Does Your Concept Have Good Potential for Profit?

Will you be able to sell your crafts at a price that will allow for a fair profit? Some crafts have a greater perceived value than others even though the time and cost of materials to produce them may be similar.

I recently met an artist who was selling an intricate beaded bracelet for $40.00. When she told me that it took her eight hours to make the bracelet, I realized that she could not possibly be making a fair profit on her beadwork. $40.00 works out to only $5.00 per hour for an eight hour project, and that doesn't even take into account the cost of materials, selling fees or the time she spent promoting her work.

Although you may love the time you spend creating your products, your time is not free if you are in business. Ensure that you have a craft business concept that will allow you to price your work in a way that covers your time and expenses and allows for a fair profit, or you will seriously limit the growth of your business.

Do You Have Realistic Expectations?

If you read the biographies of professional craft artists, you'll find some of them can be pretty misleading. Everyone loves the romanticism of a rags to riches story, so the typical artist biography will start off something like this, "I started with a thousand dollars and a dream. Before I knew it I was selling my work internationally, and I quit my job to concentrate fully on my art."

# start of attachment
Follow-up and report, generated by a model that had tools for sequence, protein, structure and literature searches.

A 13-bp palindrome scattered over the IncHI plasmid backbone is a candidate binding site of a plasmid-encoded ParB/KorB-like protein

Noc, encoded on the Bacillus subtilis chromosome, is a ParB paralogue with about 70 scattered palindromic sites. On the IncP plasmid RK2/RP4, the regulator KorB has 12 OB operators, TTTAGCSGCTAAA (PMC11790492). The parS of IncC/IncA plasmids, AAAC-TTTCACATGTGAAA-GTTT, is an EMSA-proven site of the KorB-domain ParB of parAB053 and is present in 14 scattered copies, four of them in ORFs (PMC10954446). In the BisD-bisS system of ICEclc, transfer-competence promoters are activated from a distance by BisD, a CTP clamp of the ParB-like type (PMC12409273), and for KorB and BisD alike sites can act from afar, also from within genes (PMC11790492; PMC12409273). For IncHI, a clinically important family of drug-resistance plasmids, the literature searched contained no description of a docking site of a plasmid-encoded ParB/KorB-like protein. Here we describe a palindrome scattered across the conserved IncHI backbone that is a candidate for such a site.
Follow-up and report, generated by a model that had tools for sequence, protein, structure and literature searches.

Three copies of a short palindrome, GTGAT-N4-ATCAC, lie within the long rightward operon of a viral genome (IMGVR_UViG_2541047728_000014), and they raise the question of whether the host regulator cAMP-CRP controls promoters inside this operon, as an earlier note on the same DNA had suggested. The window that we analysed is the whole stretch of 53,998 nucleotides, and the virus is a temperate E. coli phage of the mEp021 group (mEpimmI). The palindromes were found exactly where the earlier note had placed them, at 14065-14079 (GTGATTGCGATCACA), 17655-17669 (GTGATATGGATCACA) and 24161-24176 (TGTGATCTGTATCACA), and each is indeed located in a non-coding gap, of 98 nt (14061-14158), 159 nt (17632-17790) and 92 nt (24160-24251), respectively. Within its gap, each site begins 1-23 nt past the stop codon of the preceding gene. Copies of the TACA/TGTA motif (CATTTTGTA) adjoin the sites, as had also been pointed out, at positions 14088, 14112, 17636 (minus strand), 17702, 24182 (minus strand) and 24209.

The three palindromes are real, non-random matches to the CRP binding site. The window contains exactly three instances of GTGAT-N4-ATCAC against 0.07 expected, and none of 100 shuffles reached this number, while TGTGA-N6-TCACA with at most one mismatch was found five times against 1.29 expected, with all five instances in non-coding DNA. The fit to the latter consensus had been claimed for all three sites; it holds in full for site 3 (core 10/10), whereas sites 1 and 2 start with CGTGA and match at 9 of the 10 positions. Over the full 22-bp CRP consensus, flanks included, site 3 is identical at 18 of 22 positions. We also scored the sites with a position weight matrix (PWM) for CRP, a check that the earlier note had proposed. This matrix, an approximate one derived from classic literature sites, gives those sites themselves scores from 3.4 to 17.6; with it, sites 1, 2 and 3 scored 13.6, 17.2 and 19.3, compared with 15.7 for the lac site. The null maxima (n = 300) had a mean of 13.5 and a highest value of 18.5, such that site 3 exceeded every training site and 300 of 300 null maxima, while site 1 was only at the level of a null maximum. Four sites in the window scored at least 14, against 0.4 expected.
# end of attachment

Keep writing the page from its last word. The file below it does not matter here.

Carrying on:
That statement may be good marketing, but it leaves out all of the struggles that are a reality of launching any business. If you hang your expectations for your home craft business on that kind of hype, you'll be quickly disappointed. Realistically, it takes three to five years for a professional craft artist to establish distribution channels and build a business that is truly profitable.